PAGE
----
identify, name, give, or state, you need only name or present in brief form. Only a short answer is required, not an explanation or a description. Often it can be answered with a single word, phrase or sentence. If the question asks you to state, give, or write down one (or two etc) examples, you should write down only the specified number of answers, or you may not be given the mark for some correct examples given.
justify, you must give reasons to support their suggestions or conclusions, eg this might be by identifying an appropriate relationship and the effect of changing variables;
predict, you must suggest what may happen based on available information;
show that,  you must use physics [and mathematics] to prove something e.g. a given value – All steps, including the stated answer, must be shown;
suggest, you must apply their knowledge and understanding of physics to a new situation. A number of responses are acceptable: marks will be awarded for any suggestions that are supported by knowledge and understanding of physics.
use your knowledge of physics or aspect of physics to comment on, you must apply your skills, knowledge and understanding to respond appropriately to the problem/situation presented (for example by making a statement of principle(s) involved and/or a relationship or equation, and applying these to respond to the problem/situation). you will be rewarded for the breadth and/or depth of their conceptual understanding.
Use the information in the passage/ diagram/ graph/ table to… The answer must be based on the information given in the question. Unless the information given in the question is used, no marks can be given.
compare This requires you to describe the similarities and/or differences between things, not just write about one. If you are asked to ‘compare x with y’, you need to write down something about x compared to y, using comparative words such as ‘better, ‘more than’, ‘less than’, ‘quicker’, ‘more expensive’, ‘on the other hand.’

Below I have taken examples of the command words contained in the 2015 Revised Higher paper, and given the expected response. I will continue to adjust this as I have time, for now just look over what is expected. You might need to refer to the paper to make sense of the question.

obviously I need a little practice at learning how to format tables, I'll work on that, but I've not been doing this a year yet!
Use a highlighter to underline the command words
Response examples based on the 2015 Revised Higher Paper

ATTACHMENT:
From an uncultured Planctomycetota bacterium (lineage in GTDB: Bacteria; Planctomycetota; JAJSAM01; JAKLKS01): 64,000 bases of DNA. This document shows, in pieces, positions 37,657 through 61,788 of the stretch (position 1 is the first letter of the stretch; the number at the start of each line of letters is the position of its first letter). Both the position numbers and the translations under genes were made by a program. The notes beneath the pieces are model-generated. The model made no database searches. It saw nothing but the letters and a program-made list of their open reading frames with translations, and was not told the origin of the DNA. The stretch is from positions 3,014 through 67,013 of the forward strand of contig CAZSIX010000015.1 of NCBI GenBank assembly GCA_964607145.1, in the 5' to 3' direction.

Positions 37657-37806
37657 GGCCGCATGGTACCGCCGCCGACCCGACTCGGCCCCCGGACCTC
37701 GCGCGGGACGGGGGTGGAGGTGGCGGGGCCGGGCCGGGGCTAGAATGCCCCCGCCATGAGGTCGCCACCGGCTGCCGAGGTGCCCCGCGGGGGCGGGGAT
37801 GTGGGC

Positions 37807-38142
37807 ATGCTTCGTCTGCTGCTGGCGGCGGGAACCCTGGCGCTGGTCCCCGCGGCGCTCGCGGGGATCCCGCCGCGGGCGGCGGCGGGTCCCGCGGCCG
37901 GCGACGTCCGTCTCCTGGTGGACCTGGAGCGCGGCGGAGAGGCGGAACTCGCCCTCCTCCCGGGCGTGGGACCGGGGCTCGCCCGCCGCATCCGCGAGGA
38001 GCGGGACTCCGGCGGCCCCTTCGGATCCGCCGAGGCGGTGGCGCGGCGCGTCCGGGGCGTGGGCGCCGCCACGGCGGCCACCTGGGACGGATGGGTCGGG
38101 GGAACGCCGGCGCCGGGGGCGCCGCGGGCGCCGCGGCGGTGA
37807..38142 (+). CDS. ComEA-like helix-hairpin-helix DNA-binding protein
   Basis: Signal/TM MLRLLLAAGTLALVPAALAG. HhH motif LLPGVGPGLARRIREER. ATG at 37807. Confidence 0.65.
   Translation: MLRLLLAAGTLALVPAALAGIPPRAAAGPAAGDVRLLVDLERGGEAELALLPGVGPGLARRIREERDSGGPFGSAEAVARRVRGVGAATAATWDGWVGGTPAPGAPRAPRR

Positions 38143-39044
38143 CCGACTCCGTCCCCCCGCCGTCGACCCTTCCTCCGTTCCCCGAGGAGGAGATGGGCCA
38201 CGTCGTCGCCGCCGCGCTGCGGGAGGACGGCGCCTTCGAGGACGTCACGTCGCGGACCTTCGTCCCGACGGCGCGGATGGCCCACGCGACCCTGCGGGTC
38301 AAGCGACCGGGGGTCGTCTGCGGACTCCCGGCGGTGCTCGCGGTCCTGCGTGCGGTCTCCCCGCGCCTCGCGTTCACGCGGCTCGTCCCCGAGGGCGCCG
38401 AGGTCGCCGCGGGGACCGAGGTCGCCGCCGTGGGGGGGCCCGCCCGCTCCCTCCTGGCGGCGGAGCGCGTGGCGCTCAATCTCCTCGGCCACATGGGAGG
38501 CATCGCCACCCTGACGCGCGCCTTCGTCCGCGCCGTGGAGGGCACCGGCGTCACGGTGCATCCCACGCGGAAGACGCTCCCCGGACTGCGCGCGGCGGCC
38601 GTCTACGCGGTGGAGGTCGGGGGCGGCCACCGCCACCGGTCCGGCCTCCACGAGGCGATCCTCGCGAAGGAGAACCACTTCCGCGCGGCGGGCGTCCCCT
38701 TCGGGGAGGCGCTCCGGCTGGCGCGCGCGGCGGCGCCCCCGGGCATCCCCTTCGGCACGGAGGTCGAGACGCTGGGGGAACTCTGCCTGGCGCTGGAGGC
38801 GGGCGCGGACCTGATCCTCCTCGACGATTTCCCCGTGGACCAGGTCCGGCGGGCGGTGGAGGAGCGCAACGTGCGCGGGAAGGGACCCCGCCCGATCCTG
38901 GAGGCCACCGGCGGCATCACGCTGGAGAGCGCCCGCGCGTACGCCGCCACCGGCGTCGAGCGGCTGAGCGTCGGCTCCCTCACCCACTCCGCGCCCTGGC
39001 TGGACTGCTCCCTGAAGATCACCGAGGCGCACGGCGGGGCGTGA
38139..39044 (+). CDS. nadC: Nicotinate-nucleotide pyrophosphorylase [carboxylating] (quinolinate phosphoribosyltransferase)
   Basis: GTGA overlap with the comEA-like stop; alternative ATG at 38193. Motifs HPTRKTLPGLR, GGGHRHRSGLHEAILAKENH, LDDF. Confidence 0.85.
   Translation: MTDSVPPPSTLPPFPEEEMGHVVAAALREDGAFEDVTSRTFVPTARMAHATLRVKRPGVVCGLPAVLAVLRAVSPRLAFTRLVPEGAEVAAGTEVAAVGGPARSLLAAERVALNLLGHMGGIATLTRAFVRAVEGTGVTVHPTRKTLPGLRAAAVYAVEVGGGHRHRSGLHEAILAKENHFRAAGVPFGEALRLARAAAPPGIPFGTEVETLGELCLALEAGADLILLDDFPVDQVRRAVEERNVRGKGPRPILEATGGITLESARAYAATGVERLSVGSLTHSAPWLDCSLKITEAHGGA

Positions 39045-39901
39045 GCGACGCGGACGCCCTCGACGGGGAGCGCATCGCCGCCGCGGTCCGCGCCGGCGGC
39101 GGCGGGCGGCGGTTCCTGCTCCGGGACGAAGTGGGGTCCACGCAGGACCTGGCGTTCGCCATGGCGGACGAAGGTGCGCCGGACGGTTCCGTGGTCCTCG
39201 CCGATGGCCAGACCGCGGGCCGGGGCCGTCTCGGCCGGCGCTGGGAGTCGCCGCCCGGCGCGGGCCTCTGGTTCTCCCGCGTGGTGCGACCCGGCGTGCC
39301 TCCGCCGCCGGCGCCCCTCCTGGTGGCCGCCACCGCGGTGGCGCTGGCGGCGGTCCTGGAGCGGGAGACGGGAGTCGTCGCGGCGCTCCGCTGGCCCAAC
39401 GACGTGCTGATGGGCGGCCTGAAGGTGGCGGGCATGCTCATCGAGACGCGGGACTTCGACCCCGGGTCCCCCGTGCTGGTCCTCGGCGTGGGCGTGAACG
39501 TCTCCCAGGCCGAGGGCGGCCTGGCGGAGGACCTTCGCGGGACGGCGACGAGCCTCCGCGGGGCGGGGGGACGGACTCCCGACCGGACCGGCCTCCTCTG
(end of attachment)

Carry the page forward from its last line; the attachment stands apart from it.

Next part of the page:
(2·2 × 10−25 /1·673 × 10−27 =) 134 (½) (Higgs boson is) 2 orders of magnitude bigger (½) If mass of neutron (1·675 × 10−27) is used, treat as wrong physics – award zero marks. 134 times bigger, (½) only Compare the mass of the Higgs boson with the mass of a proton in terms of orders of magnitude.
(when a) current (½) passes through a p-n junction (½) photons are emitted (1) Describe how an LED operates.
vh = 11·6 cos 40 = 8·9 m s−1 (1) (accept 8·886, 8·89, 9 not 9·0) Calculate the horizontal component of the initial velocity of the shot.
· (total energy remains the same) · the greater the angle the more energy used to lift the put to a greater height before release · less energy available to convert to Ek (½) · Kinetic energy is less (½) This statement is required before ANY marks can be awarded. Using information from the graph, explain the effect of increasing the angle of projection on the kinetic energy of the shot at release.
v = 11·6 m s−1


State the release speed of the shot at this angle.

Name the boson associated with the electromagnetic force.

(an extra particle) the (anti)neutrino (1) would have (some kinetic) energy (1) From this evidence, what conclusion have particle physicists drawn about what happens in beta decay? Justify your answer.
(Constant speed  Þ ) upward force = weight (½) 3 Tcos20 = 1380 (1½) T = 490 (N) If 490N not stated then (1½ max) Show that the tension in each cord is 490 N at this instant.
A physics student notices that the digital clock in the family car loses one minute every six months. The student states “This must be due to time dilation as the car is driven at motorway speeds for much of the time.” Use your knowledge of physics to comment on the student’s statement.


On a similar matter, it is important that you don’t use the wrong adverb for a quantity.

Don’t use the terms quicker, slower, faster, for words such as time, acceleration, velocity.